Buddy Valastro's Doctor Thought He Could Lose His Hand After His Accident: 'She Was Petrified'

"She called and said, 'You need to get here now,' " Buddy Valastro's wife, Lisa, tells PEOPLE

In the days that followed his horrific bowling accident, Buddy Valastro made a move that may have saved him his hand.

On Sept. 20, the Cake Boss star, 43, was fixing the pinsetter on his family's in-home bowling alley when the equipment pushed a barb in and out of his dominant hand over and over. “I looked at my hand, and blood was gushing everywhere,” he says in this week's PEOPLE. “It looked like a Halloween movie.”

The initial shock didn’t last long. Within five minutes, Valastro had instructed his eldest sons Buddy Jr., 16, Marco, 13, and his brother-in-law, Joe Faugno, to retrieve pliers and a saw to free him from the machine; 10 minutes later they were in the car heading to Morristown Memorial hospital, too anxious to wait for an ambulance.

That was when the pain set in, as his hand began to swell around the metal rod still lodged in his hand. “It was the worst pain that I’ve ever encountered in my life,” he says.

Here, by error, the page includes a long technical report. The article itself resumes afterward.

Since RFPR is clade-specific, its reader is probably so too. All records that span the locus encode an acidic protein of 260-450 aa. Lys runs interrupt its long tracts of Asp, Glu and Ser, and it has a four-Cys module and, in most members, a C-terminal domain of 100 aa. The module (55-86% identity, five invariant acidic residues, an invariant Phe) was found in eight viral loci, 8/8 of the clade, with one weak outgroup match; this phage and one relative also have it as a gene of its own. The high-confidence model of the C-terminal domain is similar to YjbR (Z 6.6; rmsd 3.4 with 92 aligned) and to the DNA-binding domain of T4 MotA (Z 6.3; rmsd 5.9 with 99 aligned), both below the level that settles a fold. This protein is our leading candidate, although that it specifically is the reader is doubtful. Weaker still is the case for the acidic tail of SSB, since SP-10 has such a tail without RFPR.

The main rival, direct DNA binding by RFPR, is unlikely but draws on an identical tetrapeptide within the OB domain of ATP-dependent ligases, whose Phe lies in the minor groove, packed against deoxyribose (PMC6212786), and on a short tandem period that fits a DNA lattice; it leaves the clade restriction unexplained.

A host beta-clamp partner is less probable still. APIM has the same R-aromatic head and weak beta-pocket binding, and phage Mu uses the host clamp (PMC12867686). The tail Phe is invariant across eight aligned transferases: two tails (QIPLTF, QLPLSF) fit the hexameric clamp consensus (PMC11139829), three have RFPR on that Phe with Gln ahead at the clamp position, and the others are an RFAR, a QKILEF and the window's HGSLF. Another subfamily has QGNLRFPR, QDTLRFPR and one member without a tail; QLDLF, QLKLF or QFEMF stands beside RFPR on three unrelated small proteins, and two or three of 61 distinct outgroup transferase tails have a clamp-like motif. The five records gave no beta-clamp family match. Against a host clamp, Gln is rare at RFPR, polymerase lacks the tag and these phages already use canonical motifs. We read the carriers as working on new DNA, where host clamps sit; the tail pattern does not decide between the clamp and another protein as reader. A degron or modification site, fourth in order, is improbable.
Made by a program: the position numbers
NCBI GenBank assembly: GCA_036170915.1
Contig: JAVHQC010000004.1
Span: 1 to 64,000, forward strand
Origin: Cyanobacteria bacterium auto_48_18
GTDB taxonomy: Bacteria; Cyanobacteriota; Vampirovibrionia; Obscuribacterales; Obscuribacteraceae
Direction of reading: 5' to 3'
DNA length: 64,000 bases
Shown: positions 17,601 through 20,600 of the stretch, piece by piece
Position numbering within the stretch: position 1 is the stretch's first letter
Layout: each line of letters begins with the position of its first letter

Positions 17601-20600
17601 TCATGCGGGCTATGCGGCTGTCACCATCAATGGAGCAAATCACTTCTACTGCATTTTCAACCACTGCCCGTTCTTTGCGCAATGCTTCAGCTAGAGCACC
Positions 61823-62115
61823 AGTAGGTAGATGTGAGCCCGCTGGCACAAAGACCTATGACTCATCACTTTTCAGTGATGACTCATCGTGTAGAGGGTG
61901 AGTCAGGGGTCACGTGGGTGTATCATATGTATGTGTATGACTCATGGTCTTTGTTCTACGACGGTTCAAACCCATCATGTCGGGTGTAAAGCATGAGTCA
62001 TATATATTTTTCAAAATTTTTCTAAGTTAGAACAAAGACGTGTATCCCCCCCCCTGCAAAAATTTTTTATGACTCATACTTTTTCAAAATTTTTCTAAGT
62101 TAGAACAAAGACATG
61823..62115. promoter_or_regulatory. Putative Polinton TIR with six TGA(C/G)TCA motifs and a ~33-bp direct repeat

Buddy Valastro
Buddy Valastro

After the rod was removed in his first surgery, Valastro and his wife, Lisa, sought the advice of Dr. Michelle Carlson at the Hospital for Special Surgery in Manhattan. Lisa had taken videos of his injury at Morristown Memorial to show the orthopedic surgeon.

Once he was released that night and settled at home, "we sent the videos to Dr. Carlson but she was already sleeping,” says Lisa. “So the next morning, bright and early, she called and said, ‘You need to get here now.’ ”

"She was afraid because there was so much swelling in his hand that it was strangling his muscles and the muscles could die,” she continues.

Adds Buddy: “Dr. Carlson thought I could have lost my hand. She was petrified.”

buddy valastro
Buddy Valastro recovering at home in New Jersey with his family. Buddy Valastro/Instagram

The second surgery was a success, and Valastro is now resting at home in Montville, N.J. Because he has nerve, tendon and muscle damage, he will require physical therapy (and maybe more surgery).

"It's really preliminary right now," he says. "But they're saying it's definitely going to be a long road to recovery."

Despite it all, Valastro "feels lucky" things did not go worse.

"It went through my hand and through my two fingers, but if it was four inches lower, it would have hit my wrist and forget it, I could have bled out," he says. "You don't realize how close you were — or it could have ripped my fingers off. So much could have happened."

For more on Buddy Valastro and his scary accident, pick up the latest issue of PEOPLE on newsstands Friday.

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